Not willing to repeat the mistake of my 2011’s worst posters article, where I foolishly declared that no poster would plumb the depths reached by the X-Men face-violation posters as long as we could still take breath to sigh at its unrivalled awfulness. Then the poster for New Year’s Eve appeared, and through a stylistic combination of self-satisfaction, design inconsistency and a thoroughly misguided attempt at dazzling with cumulative star-wattage (Til Scheweiger AND Bon Jovi!), it made me attempt to tie knots in my optic nerves…


Why does Ashton Kutcher look like he was photographed in the street? Perhaps he was so busy having his legs removed for his new role in 2 and a Half Men to look annoying in a studio environment. And what have they done to Natalie Portman’s nose in the bottom middle square? It’s like a Poltergiest inspired advent calendar: you’re going to want to close each door as soon as you’re exposed to the horrors on the other side, even at the expense of the helpful, mystic midget trapped on the other side.

But that’s enough of printed horrors. Since I didn’t make it out to the cinema as much as I’d like in 2011, as the films I was eagerly awaiting kind of disappointed (Kill List was excellent for the most part, and may have been my film of the year if I’d died before the final ten minutes), I’ve decided to list my 9 favourite trailers from last year. I couldn’t think of a tenth so please feel free to suggest one in the comments section below.

Now, on with the list…

9. Biutiful

Biutifil’s trailer ticks all the boxes: it offers a lot of well shot stuff happening at a fast-tempo then slows things down and offers an equally stunning array of shots at a more languid pace, conveying a moving and hard-bitten piece of work. And it does all of this without spoiling a darn thing. Trailer editors, take note!

8. I Saw the Devil

I Saw the Devil’s trailer sells the concept and tone perfectly. The concept is a revenge film; the tone is Loony Tunes with emphasis on the ‘loony’. It’s entertaining, intriguing and makes you want to watch the full thing. I once described it to a friend as ‘James Bond vs. Fred West’ and the trailer offers all that entails without appearing like the most ridiculous film of all time.

7. Tree of Life

If a new film by Terence Malick wasn’t enough to make you visit the cinema then the trailer almost certainly should have been. It’s beautiful, intriguing, unsettling, joyous and rather good.

6. X-Men First Class

When it came to the film’s marketing, First Class’ trailers were doing all the work. The film’s one-sheets were so bad that several commentators were convinced that the actual film being good was as scientifically impossible as meeting a large blue and furry scientist. Then the trailer was released and it looked very good indeed. In fact, just watching it again makes me want to revisit it, which is both testament to the trailer and the equally enjoyable film that followed.

5-3. Hobbit/Prometheus/ Dark Knight Rises

The last week of December was an almost embarrassingly rich time for fans of 2012’s most promising big-budget releases. First up was The Dark Knight Rises which offered a spine-tingling snapshot of Christopher Nolan’s trilogy capper, despite not explaining much. Still, it’s apparent that the enjoyment of the rich sports fans of Gotham will be in direct contrast to the viewers’, which is no bad thing.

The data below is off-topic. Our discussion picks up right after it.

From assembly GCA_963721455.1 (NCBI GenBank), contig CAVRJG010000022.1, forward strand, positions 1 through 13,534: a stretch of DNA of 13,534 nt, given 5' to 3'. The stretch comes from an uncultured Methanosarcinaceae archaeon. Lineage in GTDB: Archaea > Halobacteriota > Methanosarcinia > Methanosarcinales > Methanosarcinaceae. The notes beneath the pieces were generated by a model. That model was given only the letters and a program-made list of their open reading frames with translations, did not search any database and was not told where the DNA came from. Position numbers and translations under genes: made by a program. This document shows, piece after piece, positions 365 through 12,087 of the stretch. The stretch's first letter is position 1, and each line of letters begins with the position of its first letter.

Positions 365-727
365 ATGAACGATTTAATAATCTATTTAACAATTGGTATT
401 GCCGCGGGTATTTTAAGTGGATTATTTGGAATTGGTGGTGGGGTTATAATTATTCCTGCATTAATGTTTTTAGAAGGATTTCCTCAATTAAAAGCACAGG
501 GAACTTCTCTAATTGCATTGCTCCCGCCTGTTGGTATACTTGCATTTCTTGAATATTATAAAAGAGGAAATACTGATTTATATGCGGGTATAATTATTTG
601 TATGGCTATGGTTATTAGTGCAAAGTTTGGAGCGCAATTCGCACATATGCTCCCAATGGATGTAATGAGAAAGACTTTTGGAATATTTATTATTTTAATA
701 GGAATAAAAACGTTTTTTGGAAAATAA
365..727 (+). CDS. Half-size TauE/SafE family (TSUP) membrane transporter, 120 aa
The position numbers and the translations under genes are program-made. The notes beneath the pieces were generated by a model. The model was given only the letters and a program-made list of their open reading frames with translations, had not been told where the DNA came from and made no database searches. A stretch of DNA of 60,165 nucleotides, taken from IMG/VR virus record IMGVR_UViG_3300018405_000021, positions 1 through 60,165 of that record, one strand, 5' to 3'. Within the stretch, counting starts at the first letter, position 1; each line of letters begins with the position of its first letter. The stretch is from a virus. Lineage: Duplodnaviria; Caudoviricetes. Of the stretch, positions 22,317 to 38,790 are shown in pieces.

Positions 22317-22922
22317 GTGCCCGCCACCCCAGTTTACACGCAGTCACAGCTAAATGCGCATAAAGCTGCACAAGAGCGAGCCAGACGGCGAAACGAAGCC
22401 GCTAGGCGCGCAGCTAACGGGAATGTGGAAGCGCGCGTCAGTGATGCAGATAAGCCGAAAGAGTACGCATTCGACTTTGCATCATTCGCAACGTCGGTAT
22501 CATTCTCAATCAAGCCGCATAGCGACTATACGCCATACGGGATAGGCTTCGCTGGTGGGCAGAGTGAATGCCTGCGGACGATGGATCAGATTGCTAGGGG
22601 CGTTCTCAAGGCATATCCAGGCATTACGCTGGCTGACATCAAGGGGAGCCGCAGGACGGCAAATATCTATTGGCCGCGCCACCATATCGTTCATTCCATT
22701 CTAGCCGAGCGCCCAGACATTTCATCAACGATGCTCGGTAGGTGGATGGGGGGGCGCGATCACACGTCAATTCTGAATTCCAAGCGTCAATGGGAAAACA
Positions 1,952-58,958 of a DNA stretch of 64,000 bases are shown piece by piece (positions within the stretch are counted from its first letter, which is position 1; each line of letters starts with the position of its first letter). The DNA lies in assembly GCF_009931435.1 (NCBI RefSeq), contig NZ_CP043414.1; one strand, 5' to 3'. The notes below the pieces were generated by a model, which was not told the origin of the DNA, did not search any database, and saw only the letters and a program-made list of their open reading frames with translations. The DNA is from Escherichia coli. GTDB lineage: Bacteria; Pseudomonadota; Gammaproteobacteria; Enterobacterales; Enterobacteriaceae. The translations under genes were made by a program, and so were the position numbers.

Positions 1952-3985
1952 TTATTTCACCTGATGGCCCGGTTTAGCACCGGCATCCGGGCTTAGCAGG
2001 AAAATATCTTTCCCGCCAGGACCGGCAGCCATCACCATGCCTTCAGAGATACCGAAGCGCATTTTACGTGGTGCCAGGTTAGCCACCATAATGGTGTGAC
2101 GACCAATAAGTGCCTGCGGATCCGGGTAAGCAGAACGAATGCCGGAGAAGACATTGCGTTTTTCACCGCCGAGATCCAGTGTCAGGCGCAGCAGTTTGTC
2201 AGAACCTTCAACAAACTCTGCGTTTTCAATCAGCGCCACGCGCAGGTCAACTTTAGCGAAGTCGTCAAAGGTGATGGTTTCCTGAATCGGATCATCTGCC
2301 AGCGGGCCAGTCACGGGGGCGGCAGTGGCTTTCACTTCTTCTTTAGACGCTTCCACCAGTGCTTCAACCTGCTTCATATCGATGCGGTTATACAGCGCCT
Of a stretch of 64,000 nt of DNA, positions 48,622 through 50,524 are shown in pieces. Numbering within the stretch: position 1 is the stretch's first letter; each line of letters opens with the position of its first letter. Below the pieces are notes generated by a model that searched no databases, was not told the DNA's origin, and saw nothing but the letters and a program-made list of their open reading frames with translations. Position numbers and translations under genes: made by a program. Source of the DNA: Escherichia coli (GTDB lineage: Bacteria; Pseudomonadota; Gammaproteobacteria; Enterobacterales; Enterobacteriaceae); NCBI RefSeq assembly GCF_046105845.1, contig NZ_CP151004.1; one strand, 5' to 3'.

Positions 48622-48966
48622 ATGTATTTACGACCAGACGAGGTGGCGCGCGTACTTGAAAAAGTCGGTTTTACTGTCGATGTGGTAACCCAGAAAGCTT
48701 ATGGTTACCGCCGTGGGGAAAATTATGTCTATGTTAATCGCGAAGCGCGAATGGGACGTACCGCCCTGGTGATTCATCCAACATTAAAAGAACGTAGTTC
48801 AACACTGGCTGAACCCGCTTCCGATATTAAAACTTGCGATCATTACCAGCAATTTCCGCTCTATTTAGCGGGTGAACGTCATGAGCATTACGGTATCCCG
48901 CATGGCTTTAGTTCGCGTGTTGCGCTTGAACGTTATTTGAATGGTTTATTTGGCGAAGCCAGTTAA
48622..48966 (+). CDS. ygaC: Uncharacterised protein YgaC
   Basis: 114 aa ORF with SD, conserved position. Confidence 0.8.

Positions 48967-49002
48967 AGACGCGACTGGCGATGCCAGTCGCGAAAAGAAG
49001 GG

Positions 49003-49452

The Hobbit trailer followed and offered a nostalgiac return to Middle-Earth without being overly cynical and cloying. It made me remember how earnest Peter Jackson’s films were, and how refreshing that was when they were first released. And then I remembered that it’s been 10 years since the first one opened the door to epic fantasy filmmaking that wore its heart on its sleeve, and we still haven’t seen anything like it since. Still, absence makes the heart and all that, which makes The Hobbit even more keenly anticipated.

The trailer for Prometheus also offered a return to a familiar world under the stewardship of a director who opened the door to a brave new world of genre filmmaking. Unlike The Hobbit, the world of Prometheus only makes you want to visit from the comfort of a cinema seat. It offers little in the way of plot, aside from a few familiar elements from Alien, but even without the appearance of the xenomorphs, it’s impressive to see a hard sci-fi film on this scale and unless Fox decide to digitally insert Predators at the eleventh hour, we could be seeing a welcome return to form from both Mr Scott and the genre.

2. Girl With the Dragon Tattoo

If you haven’t read the book, you’ve seen the Swedish original. If you can’t read you’ve probably had it recommended to you. In fact there’s little of Stieg Larsson’s world that hasn’t been explored or revealed in one form or another. And while that offered intriguing possibilites for David Fincher’s adaptation, it also offered up a trailer that made no attempt to explain the concept, aside from a bleak tone and knowing wink. It’s a superior match of editing, shots and music and, since it appears to have been officially released in bootleg form, you could also say it’s an interesting approach to viral marketing. Even more telling, the trailer offers far more food for thought than the actual film.

1. Tinker Tailor Soldier Spy

One of X-Men First Class’ other great additions was the score by Henry Jackman, in particular the memorable ‘Frankenstein’s Theme’, which is used to great effect in the Tinker Tailor Soldier Spy trailer. The theme gives the trailer a sense of urgency that may have been lacking in the final film but the John Barry styled strings perfectly complement the film’s period setting and make the viewer long for a time when they made proper films for grown-ups.

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